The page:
Mrs Meg Logan

  3. A cross is an offensive thing– but for a different reason. The cross represents a total death of self. The cross always won against the human– it ended the human’s life.

    However, the offense that these people take is that they have to be reminded that there are people that do not believe like they do. I don’t see these people so exercised about Holloween, Santa Claus or the Easter Bunny– they find Christianity offensive.

    Whether they believe they are doing it out of the goodness of their hearts or whether they believe they are irradicating irrationality, the point is they are absurd– and I hope that we right the ship of Church-State relations soon.

  4. I have this feeling it isnt going to get righted this side of Glory. It looks to me that we are in a down spiral, toward the end… and things are likely just going to get worse and worse until the glorious coming!… on the one hand that is scary, on the other it is exciting…

    I am not saying we should stop fighting immorality, but that it is probably a losing battle until Christ’s final Victory…

    Mrs Meg Logan

  5. Well, all authority was given to Him, and He has overcome the world. The question is, should we be fighting the symptoms or the cause? If we were seeing lives changed by the Gospel, these things wouldn’t be happening.

  6. This reminds me of the battle we had in Alabama awhile back about the Ten Commandments in the courthouse. My view with these atheists that want to take God out of everything is, if they don’t want to see a cross or the Ten Commandments, don’t look at them. I don’t see what hurt that cross is causing them that they feel such a need to tear it down. If they are so against God, why not take their money from them? After all, it does say “In God We Trust”. And I agree with flashnolan, our founding fathers are rolling hard in their graves.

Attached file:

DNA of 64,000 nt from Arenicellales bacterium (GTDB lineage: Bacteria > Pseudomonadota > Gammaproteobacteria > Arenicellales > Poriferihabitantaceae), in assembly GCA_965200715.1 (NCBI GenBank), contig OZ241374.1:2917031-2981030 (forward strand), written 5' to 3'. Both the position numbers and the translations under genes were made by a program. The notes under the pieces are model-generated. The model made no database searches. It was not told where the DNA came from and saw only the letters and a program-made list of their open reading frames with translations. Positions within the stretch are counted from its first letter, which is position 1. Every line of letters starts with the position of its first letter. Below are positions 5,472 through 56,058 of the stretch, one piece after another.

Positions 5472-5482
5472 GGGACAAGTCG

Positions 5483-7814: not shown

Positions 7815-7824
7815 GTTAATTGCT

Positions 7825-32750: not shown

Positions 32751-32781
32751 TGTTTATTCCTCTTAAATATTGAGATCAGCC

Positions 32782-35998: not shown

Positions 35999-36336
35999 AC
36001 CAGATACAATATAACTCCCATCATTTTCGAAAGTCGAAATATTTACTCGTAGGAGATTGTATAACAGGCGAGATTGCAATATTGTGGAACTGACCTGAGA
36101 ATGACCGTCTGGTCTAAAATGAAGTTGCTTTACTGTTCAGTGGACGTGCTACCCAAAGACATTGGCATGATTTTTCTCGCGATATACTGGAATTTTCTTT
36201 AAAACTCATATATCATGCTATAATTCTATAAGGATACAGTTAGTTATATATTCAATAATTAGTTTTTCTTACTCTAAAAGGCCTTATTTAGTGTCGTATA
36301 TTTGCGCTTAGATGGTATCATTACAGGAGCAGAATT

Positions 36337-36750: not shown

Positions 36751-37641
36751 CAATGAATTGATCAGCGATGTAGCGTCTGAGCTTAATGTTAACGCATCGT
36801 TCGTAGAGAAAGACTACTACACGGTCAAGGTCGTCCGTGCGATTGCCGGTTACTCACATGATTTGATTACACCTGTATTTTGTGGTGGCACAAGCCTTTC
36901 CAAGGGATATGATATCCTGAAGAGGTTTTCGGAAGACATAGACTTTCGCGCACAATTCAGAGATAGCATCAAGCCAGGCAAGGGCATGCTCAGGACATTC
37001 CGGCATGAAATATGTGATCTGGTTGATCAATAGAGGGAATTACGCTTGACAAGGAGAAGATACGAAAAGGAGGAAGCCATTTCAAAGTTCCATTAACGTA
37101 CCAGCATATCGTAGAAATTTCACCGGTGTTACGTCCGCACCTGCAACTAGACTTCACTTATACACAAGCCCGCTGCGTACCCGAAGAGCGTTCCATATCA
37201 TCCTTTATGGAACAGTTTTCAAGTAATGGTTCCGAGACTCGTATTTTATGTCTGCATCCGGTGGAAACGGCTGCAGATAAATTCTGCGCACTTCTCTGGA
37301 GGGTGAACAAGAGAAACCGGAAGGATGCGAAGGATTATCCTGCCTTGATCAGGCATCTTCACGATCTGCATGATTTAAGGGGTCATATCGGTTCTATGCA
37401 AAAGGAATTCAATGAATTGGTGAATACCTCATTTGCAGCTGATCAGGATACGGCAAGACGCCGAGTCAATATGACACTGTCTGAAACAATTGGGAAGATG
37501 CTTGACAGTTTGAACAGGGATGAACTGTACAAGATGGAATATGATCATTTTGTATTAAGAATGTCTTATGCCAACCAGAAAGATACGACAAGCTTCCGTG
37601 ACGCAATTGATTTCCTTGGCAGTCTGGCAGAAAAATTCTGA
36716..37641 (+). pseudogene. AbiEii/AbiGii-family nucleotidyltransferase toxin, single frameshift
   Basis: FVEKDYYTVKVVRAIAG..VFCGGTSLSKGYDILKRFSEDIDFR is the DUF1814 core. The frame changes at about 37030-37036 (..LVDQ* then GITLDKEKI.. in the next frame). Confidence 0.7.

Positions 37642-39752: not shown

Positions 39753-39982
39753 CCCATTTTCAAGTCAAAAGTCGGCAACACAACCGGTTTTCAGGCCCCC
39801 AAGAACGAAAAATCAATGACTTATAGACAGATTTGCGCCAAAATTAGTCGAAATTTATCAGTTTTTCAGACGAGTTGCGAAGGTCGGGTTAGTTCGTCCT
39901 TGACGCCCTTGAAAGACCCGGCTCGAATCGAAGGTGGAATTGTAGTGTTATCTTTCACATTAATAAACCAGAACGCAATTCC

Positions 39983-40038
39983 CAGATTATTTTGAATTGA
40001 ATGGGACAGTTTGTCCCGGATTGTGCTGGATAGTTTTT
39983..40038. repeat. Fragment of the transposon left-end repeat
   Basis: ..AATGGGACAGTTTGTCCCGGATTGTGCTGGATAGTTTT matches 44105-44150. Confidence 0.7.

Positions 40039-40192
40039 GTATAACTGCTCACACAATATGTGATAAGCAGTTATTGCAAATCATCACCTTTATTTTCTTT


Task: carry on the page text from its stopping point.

7. In a way, it’s kind of ironic. They have a problem viewing thngs that man has created to recognize God, but don’t have a problem with the things that God has created to glorify Himself (ie. the world, trees, plants, etc.)

  8. Most of what the judges are doing today in the name of the “constitution” is actually unconstitutional. The judicial body was never designed to be a legislating body, yet they are doing interpretations that are completely outside the scope of the law. Not only are many of these interpretations completely absurd, many of them are the complete opposite of the original intentions.

    E.G. The separation of church and state. This was added to our constitution in order to insure that anyone could worship God in any way they chose to without being persecuted. It was put in place to make sure that we didn’t end up with “The Church of the United States Government”. It was never designed to limit prayer in school or any other of the applications. The new interpretations are having the exact effect the founding fathers were trying to avoid; they are persecuting individuals and preventing them from worshiping God in the manor that they choose.

  9. You’re absolutely correct there, DLOGAN. There is a reason behind three branches of government, and a reason for their terms and the checks and balances. The judicial branch was never meant to be a legislative branch.

    When things are askew, it takes some radical measures to fix it. We’ll have to see if our government is up to fixing it.